A giant among giants: meet the $2 trillion oil company preparing its IPO

A giant among giants: meet the $2 trillion oil company preparing its IPO

As far as most investors know, ExxonMobil (NYSE: XOM) is the biggest energy company in the world. Indeed, Exxon is a huge company—it has a market capitalization of $368 billion. But there is an oil company far bigger than Exxon. In fact, it is more than five times bigger than Exxon, and it is in the process of preparing its initial public offering. That company is the Saudi Arabian Oil Company, otherwise known as Aramco, which is planning its IPO for as early as next year.

Aramco plans to sell 5 percent of its shares, which value the company at roughly $2 trillion. And, recent news reports suggest that Saudi Aramco could be willing to list shares on the New York Stock Exchange, which would be a change from recent policy. Aramco’s IPO would be five times as large as any other IPO in history. Once Aramco goes public, it will instantly become not just the most valuable publicly-traded energy company in the world, but the most highly valued of any company in existence.

The planned IPO is huge news for the oil markets and energy investors.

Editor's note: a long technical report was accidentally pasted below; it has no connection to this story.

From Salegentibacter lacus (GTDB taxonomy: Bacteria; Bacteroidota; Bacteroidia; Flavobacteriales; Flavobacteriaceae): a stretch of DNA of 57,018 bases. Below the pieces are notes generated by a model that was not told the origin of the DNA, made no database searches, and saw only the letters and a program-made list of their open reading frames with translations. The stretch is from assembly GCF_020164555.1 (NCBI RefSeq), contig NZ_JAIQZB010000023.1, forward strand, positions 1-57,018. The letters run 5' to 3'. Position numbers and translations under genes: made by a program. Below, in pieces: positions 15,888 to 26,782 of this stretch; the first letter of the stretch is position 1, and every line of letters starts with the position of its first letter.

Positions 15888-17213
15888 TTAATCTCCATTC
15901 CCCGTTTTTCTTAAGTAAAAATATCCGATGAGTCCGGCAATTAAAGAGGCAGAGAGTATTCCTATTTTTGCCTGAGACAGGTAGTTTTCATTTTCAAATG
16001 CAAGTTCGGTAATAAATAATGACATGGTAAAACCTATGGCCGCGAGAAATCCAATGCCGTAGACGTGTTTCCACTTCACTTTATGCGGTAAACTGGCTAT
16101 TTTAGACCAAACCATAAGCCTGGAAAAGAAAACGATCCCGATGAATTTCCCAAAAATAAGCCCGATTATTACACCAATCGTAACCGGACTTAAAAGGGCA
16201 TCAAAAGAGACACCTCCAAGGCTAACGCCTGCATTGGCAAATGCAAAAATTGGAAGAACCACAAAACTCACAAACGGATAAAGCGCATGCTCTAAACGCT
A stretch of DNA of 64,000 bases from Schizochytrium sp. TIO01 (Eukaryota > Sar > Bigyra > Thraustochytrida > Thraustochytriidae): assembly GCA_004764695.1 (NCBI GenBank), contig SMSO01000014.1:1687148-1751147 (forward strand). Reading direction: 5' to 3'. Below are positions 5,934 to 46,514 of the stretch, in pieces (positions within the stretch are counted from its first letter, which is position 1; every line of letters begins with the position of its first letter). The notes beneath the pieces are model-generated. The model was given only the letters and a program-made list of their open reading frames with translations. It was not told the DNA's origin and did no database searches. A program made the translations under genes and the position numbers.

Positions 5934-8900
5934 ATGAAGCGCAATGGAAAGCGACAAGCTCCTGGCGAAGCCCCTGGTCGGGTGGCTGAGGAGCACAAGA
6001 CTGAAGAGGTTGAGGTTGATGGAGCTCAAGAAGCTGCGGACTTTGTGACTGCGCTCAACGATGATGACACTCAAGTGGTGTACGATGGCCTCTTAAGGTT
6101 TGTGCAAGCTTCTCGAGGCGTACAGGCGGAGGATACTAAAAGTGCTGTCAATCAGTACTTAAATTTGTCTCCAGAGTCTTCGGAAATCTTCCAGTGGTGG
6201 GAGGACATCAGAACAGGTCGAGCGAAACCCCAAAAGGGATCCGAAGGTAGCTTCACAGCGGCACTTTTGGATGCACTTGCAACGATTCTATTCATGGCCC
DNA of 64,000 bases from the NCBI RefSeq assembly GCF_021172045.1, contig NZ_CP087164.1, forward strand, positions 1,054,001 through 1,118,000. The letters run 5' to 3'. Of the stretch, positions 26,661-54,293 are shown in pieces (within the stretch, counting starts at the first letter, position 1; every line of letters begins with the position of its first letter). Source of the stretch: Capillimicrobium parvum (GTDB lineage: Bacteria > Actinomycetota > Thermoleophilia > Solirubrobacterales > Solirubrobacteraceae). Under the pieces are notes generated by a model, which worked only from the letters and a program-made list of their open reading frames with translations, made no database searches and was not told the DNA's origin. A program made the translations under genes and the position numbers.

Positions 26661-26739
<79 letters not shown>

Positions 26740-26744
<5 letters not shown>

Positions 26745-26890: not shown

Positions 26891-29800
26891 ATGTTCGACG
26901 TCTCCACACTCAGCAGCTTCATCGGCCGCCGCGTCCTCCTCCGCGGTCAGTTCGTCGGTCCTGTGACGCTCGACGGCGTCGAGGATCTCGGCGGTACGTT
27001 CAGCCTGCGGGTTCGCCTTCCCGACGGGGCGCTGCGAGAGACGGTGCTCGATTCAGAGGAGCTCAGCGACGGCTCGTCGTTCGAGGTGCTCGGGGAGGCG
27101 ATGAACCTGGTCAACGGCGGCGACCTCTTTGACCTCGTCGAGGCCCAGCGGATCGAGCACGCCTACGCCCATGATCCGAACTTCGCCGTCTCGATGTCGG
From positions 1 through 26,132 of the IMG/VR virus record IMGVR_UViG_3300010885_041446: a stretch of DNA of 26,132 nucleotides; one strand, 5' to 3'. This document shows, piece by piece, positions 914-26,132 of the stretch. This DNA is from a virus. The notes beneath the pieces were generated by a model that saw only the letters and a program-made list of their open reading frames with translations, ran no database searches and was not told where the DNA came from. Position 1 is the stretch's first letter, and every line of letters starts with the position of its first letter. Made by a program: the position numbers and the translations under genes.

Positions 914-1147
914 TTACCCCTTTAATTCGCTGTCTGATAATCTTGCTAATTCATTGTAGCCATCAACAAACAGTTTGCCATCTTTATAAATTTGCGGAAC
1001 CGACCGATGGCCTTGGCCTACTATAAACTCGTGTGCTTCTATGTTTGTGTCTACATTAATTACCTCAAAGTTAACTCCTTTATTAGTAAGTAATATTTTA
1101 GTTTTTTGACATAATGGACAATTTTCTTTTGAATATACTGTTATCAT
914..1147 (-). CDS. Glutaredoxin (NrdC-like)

Tapping into Saudi oil

Saudi Arabia is the world’s largest oil exporter, and it has largely resisted calls from other OPEC nations to cut production, despite the persistence of extremely low oil prices.

Brent crude, the international benchmark for oil prices, currently sits at $47 per barrel, down from a high of well over $100 per barrel back in 2014. This has put a great deal of strain on Saudi Arabia’s federal budget, as the country generates the vast majority of its tax revenue from oil. In fact, last year Saudi Arabia swung to a record $98 billion budget deficit. This means the country is strapped for cash, and is for the first time selling a piece of its prized state-owned oil company to try to raise cash to plug the hole in its finances.

Many would say this move is overdone. Saudi Arabia has become addicted to oil, and its over-reliance on the commodity is the reason why it is suffering such a steep deficit. It is critical for the country to expand its economy beyond oil, and fortunately the Saudi government is finally realizing that reality. Last month, Saudi Deputy Crown Prince Mohammed bin Salman said that ownership of Aramco and some other national assets would be transferred to a public fund that invests cash from the country's oil and gas operations into other sectors.

Furthermore, in a program titled “Saudi Vision 2030”, Saudi Arabia’s government has come up with a plan to enact regulatory, policy, and budget changes over the next 15 years. A key tent pole of this policy will be to embrace privatization in a way Saudi Arabia never has before, and a key part of that will be to sell a piece of its state-owned oil company in the public markets. According to The Telegraph, Aramco is by far the biggest oil and gas producer in the world.

Is the age of oil over?